SAN FRANCISCO — The 1st District Court of Appeal has denied a petition to compel arbitration between Aaron Van Fleet and Trion Worlds Inc. over a computer game Van Fleet and two other plaintiffs created and how discounts and subscriptions in the game would be represented.
Van Fleet alleged in his complaint that Trion violated California’s Consumer Legal Remedies Act, Civil Code Section 1770, the state's false advertising and unfair competition laws and Business and Professions Code Section 17500 and negligently represented the game, ArcheAge, as it went to market.
Trion moved the case to federal court, citing diversity jurisdiction provisions of the Class Action Fairness Act of 2005. There, the company attempted to compel arbitration with Van Fleet and the two other plaintiffs, according to information in the ruling.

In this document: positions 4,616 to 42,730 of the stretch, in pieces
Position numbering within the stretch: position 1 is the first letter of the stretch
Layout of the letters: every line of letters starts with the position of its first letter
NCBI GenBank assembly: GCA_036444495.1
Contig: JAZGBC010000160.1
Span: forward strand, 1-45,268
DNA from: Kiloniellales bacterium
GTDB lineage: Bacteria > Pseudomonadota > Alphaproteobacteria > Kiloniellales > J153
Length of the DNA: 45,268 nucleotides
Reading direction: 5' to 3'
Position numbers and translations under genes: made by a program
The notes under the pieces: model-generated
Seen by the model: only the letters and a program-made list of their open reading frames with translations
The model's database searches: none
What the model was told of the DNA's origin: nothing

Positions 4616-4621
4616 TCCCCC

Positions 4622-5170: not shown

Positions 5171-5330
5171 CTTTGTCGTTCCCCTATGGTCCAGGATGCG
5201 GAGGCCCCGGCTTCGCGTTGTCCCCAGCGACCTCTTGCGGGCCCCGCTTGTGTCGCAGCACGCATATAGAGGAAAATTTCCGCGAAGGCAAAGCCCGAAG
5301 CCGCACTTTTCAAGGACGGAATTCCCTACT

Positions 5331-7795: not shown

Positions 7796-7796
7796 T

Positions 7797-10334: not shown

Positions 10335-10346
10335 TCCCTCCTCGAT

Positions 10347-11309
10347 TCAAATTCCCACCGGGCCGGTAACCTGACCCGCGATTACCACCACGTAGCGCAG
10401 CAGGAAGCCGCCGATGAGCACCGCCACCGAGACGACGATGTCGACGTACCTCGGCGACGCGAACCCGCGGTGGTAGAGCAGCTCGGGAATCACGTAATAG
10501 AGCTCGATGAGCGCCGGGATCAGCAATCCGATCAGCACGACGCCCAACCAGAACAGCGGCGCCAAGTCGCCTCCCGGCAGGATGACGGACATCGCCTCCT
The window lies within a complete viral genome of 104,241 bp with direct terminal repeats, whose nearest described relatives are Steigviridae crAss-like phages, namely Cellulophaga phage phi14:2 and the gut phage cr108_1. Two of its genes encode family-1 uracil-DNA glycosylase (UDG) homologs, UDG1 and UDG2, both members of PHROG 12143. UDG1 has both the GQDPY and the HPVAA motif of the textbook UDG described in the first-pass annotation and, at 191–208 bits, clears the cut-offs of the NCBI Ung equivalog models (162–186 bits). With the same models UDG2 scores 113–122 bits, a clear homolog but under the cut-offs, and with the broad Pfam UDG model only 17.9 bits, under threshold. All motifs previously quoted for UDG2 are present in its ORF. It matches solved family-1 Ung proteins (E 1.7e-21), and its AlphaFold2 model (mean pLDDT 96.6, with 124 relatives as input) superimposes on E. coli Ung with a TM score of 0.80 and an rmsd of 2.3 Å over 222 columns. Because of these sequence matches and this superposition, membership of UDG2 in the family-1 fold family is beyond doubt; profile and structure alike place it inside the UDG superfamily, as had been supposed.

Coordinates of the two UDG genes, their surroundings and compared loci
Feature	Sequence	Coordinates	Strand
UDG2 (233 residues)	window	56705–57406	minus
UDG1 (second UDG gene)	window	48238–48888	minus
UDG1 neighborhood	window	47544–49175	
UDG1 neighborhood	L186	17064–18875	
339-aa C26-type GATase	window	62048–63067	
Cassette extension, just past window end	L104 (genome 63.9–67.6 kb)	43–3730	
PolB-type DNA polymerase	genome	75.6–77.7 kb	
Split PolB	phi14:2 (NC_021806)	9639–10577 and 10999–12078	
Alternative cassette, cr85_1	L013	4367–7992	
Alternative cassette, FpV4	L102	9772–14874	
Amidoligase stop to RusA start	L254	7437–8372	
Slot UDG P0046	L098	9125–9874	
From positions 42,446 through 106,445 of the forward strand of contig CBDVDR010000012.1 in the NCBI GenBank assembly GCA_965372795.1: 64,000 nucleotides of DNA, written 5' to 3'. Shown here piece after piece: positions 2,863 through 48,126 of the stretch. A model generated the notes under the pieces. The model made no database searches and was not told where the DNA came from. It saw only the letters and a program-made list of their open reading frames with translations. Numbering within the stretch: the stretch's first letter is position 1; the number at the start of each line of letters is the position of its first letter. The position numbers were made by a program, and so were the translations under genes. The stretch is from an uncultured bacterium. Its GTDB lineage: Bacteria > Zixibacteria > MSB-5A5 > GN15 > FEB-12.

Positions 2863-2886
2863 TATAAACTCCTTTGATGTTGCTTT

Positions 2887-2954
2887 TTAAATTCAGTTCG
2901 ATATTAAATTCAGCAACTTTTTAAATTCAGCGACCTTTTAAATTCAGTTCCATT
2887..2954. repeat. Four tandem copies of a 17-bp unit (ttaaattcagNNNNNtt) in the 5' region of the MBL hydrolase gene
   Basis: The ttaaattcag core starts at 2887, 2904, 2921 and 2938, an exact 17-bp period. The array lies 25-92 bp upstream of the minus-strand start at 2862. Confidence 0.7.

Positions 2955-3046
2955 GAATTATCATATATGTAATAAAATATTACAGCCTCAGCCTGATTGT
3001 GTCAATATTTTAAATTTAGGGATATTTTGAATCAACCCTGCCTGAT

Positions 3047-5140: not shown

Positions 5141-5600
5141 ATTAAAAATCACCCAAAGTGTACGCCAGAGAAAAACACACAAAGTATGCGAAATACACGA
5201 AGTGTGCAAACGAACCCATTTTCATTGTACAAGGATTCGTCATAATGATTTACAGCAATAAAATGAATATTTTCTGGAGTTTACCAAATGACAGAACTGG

The federal court ruled "the arbitrability of this dispute must be resolved in the parties’ chosen venue for state-law claims subject to the (end user license agreements)."
Under the EULA, "Both parties submit to personal jurisdiction in California and further agree that any cause of action relating to this Agreement shall be brought in the County of San Mateo, State of California (if under State law) or the Northern District of California (if under federal law)," according to the ruling.
Trion argued that the true dispute is how "that arbitration provision can be harmonized with the EULA’s venue-selection clause."
The court concluded that "Trion failed to establish the parties agreed to arbitrate their dispute" and thereby denied the company's motion to compel.
Judge Barbra Jones gave the opinion of the court April 2. Judges Henry E. Needham and Terrence Bruiniers concurred.